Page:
Police, Policy, and Politics

By Mark Nichol

Are police and policy related? Not only are they cognates, but they used to mean the same thing—and politics is descended from the same word as well.

That word is polis, the Greek term for a city as well as for the concept of the city-state and the body of citizens who constituted that state. This word became the basis for a number of compounds, including acropolis, which means “upper city” but refers to the fortified heights of a city. (The prefix acro- is also seen in such words as acrobat, which literally means “high dancer,” and acrophobia, which pertains to a fear of heights.) Acropoles in ancient Greece were generally located the first inhabited part of a settlement (chosen for its defensive properties and therefore the location of the community’s citadel); the Acropolis of Athens is the exemplar of such locations.

Another term is metropolis (literally, “mother city”), originally denoting the capital or principal city of a province but now used to describe any major city. The adjective metropolitan describes the characteristics of a city, often including its underground railway system, which is sometimes abbreviated to metro, but the word also serves as a noun for a Greek Orthodox bishop who oversees other bishops and for the see, or seat, of his administration.

Megalopolis, featuring the prefix mega-, meaning “great,” is the name of an actual city in Greece but also refers generically to an especially large city or a cluster of cities—technically, one with more than ten million people. (A related adjective is cosmopolitan, which stems from the noun cosmopolite, a rare term meaning “citizen of the word”; the equally unusual word cosmopolis describes a sophisticated city. Meanwhile, a necropolis—the prefix means “dead”—is a large cemetery.)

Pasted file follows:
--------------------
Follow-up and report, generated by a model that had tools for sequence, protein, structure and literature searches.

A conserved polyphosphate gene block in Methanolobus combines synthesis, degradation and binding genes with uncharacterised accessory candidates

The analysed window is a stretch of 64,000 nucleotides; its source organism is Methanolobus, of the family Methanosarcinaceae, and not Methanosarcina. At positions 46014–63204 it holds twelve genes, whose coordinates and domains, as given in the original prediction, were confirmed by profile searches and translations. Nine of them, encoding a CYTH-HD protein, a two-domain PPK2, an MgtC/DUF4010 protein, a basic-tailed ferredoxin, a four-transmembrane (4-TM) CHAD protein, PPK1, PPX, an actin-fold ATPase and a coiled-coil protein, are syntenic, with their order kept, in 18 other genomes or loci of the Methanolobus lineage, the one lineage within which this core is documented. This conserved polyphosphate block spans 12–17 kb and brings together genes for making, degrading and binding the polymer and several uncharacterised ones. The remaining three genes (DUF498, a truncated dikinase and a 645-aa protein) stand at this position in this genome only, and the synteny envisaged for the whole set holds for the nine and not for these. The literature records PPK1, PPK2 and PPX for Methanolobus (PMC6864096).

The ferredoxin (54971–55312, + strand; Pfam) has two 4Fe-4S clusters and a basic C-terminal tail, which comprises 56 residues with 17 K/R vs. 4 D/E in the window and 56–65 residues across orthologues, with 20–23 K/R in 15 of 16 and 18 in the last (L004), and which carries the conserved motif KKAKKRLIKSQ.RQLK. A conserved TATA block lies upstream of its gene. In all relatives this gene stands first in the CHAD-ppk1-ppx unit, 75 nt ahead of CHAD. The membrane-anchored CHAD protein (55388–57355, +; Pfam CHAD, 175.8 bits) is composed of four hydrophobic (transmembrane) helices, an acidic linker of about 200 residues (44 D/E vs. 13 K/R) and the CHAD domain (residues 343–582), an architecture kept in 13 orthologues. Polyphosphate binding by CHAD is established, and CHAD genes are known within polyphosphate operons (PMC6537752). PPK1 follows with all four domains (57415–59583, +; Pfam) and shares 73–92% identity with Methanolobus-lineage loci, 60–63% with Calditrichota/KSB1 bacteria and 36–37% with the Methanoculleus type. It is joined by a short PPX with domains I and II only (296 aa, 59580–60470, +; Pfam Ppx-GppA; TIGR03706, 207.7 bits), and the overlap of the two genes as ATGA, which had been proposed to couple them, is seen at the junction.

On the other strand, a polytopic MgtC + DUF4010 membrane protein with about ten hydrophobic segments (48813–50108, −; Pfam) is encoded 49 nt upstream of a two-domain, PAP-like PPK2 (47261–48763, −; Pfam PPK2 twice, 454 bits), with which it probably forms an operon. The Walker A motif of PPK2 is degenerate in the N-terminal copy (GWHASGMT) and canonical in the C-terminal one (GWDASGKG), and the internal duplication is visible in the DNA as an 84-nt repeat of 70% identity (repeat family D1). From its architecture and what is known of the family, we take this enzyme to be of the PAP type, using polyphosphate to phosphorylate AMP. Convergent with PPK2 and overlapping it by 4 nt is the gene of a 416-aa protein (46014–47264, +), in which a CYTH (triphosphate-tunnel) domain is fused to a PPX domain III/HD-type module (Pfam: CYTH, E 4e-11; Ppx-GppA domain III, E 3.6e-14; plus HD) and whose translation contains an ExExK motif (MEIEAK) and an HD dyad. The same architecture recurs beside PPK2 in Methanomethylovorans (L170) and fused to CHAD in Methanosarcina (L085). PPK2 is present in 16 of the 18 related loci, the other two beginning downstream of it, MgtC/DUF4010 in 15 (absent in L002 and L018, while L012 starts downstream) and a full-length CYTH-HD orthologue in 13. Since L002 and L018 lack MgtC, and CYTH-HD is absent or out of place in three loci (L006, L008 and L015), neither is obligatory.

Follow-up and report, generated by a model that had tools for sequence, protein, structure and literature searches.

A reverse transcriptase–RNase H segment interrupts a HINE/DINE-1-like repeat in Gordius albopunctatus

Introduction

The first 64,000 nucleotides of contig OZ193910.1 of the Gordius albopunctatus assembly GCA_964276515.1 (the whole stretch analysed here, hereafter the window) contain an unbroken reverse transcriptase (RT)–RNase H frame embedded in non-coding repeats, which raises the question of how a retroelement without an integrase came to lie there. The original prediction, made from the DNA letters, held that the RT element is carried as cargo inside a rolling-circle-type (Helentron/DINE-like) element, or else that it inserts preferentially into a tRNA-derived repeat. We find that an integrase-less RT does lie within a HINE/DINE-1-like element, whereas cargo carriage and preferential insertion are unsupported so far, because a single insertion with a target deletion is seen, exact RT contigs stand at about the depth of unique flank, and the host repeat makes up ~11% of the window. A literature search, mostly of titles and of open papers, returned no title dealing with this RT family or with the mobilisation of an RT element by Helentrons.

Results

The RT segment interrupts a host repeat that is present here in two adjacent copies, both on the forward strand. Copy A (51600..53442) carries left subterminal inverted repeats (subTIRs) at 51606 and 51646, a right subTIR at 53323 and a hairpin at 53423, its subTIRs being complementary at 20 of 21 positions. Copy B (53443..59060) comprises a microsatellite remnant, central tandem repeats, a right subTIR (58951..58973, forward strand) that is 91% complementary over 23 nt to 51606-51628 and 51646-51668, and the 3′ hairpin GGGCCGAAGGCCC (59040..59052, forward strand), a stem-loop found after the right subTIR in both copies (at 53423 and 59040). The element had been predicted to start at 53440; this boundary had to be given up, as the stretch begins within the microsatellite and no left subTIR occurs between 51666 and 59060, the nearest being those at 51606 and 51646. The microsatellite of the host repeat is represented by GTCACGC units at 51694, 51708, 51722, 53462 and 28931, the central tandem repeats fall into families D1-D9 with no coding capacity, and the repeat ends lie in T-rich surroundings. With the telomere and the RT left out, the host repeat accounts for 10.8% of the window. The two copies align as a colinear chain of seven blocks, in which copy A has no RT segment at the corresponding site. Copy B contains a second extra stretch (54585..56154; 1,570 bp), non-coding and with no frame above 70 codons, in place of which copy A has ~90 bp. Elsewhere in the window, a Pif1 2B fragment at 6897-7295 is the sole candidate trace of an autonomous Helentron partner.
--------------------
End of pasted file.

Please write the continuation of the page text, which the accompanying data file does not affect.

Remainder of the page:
Greek names for other ancient cities, such as Constantinople/Istanbul (“Constantine’s city”/“to the city”) and Persepolis (“city of the Persians”), include the word; several modern cities, including the American municipalities of Annapolis, Indianapolis, and Minneapolis, follow this tradition.

Originally, police, like policy, referred to civil administration (both come from the intermediate Latin noun politia), but by the early 1700s, it came to apply specifically to law enforcement, and within about a century that was its only sense. Enforcers soon came to be called police, as well as policemen (later, policewomen was adopted for female officers, and the neutral term “police officer” now prevails for all personnel), and the word also became a verb describing the action of law enforcement or the keeping of order in general. (Later, policier came to describe a novel, film, or television program dealing with the solving of crimes.)

The two meanings of policy apparently come from different sources. The sense of “approach” or “way of management” derives from polis, but the word for an insurance contract may stem from the Latin word apodexis, meaning “proof.” However, politics, politician, and other such words pertaining to public affairs also derive from polis.

An interesting divergence occurred with political and politic, which both originated as adjectives meaning “pertaining to public affairs”; the latter word acquired the additional sense of “prudent” and rarely applies to politics anymore, though the verb form, and the noun form politicking, do. (The k was added to the latter word, as it is to picnicking and a few other words, to clarify that the consonant sound before -ing is hard.)

Polite and its derivatives impolite and politesse are unrelated, stemming not from polis but from polire, a Latin verb meaning “polish” (and the source of polish as well) or “smooth.”

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